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One Language

By David Kishik.

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1.1               Up to the destruction of the Tower of Babel in the eleventh chapter of Genesis, “the whole earth was one language, one set of words.” Though the previous ten chapters are written in biblical Hebrew, it is a bit of a stretch to assume that this was the original language the first humans spoke.

1.2               Wondering what language Adam shared with Noah is like asking which God they worshiped, or inquiring about the brand of air we currently breathe. Diversity was not yet an option. Our mythological parents are neither Jews nor Gentiles but simply humans. So their language must be thought of as human language.

1.3               But a language that is just labeled “human language” cannot account for a narrative in which almost all the talking is done by God, often with no human in sight. And the little humans have to say is usually addressed to God.

1.4               At the same time, this pure language cannot only be “divine language,” either, because an entire conversation happens to take place between a woman and a snake. And there are three minor occurrences in which one human actually speaks directly to another human.

1.5               The language in the beginning of Genesis is therefore neither the language of man nor the language of God, neither Hebrew nor Esperanto. Could it be what Walter Benjamin once referred to as “language as such”? Call it, if you wish, generic language.

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2.1               The words in the book of Genesis did not change for over two millennia. The canonization of this text dictates that no letter be added or subtracted. Scriptural stasis is an attempt to combat the myriad ways in which the everyday use of language mutates over time.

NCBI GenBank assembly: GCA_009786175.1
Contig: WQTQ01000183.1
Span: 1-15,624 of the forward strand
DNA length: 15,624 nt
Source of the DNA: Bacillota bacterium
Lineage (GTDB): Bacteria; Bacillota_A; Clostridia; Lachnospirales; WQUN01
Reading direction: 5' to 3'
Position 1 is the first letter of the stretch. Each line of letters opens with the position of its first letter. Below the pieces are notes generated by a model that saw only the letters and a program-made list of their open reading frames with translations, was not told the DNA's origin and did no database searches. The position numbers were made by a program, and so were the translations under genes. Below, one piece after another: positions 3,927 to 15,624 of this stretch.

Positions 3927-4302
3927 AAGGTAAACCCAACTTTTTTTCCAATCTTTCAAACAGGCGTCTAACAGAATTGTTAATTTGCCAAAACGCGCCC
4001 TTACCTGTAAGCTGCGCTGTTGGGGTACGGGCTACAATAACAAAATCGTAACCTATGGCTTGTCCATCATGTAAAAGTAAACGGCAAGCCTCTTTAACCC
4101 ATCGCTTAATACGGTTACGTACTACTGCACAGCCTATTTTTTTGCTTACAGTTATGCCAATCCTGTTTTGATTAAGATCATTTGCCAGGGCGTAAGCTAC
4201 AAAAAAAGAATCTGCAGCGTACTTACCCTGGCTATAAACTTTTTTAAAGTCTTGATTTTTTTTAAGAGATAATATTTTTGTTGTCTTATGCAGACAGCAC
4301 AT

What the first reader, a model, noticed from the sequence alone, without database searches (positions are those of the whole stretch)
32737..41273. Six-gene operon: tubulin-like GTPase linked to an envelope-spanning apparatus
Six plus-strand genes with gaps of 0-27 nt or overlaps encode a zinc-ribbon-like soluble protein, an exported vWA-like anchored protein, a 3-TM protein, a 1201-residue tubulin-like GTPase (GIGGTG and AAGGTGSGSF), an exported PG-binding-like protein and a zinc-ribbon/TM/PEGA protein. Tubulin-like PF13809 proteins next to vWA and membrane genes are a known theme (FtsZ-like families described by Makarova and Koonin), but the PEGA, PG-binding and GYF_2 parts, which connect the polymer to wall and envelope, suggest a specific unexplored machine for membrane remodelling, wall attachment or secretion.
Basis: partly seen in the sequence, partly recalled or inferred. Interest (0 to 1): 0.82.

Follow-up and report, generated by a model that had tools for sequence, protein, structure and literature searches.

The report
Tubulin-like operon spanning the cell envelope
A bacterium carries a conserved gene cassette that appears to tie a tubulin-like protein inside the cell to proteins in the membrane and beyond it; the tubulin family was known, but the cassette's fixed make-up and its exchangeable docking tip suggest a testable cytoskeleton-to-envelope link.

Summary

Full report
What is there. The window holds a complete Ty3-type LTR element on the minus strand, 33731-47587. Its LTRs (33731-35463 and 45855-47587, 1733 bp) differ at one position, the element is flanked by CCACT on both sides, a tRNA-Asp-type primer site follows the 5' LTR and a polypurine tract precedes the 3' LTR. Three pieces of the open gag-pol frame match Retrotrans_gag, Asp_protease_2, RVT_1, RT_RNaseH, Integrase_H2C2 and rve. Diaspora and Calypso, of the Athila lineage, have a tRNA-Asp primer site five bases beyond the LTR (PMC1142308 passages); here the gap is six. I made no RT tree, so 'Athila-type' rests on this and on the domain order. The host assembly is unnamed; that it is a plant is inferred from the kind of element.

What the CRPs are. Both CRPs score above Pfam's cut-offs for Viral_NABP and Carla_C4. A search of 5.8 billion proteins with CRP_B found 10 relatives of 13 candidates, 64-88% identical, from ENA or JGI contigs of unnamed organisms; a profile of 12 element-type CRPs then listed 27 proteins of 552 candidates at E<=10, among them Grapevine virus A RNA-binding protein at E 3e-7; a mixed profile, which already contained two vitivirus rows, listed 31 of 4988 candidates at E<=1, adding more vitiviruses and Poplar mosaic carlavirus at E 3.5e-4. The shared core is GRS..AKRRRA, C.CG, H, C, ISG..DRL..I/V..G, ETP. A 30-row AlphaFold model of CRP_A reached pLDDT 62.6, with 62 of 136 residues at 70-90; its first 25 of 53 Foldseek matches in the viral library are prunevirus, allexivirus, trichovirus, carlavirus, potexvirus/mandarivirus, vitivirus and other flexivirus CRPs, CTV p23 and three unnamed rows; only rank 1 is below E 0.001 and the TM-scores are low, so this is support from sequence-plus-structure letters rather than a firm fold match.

2.2               Scripture is like water scooped with a glass from a running river. And to imagine our linguistic fluidity is to imagine our inescapable temporality. But just as a chemist can analyze a small sample taken from a large body of water, an exegete can still study a short text that has somehow survived a bygone form of life.

2.3               A few decades before Ludwig Wittgenstein argued that the meaning of a word depends on the context in which it is used, biblical scholars began to examine sacred verses according to their “setting in life,” speculating about the circumstances from which they emerged and the aims they were meant to fulfill.

2.4               A setting for the most elementary use of language appears in the beginning of Wittgenstein’s Philosophical Investigations. It consists of only four words: block, pillar, slab, and beam. A builder calls them out one by one, and an assistant hands them over in the order in which they are requested.

2.5               From there, the Investigations goes on to show how our language is so much more complicated than such words that identify simple objects. We use a plurality of language games to do a variety of things: joke, lie, sing, greet, thank, curse, praise, promise, pray, and so on.

2.6               Yet the “complete primitive language” that sets Wittgenstein’s philosophical argument in motion is a clear nod to that time when “the whole earth was one language, one set of words.” What his two lonely builders agree to erect seems very much like the Tower of Babel, which led to the confusion of humanity’s language and the dispersion of its original form of life.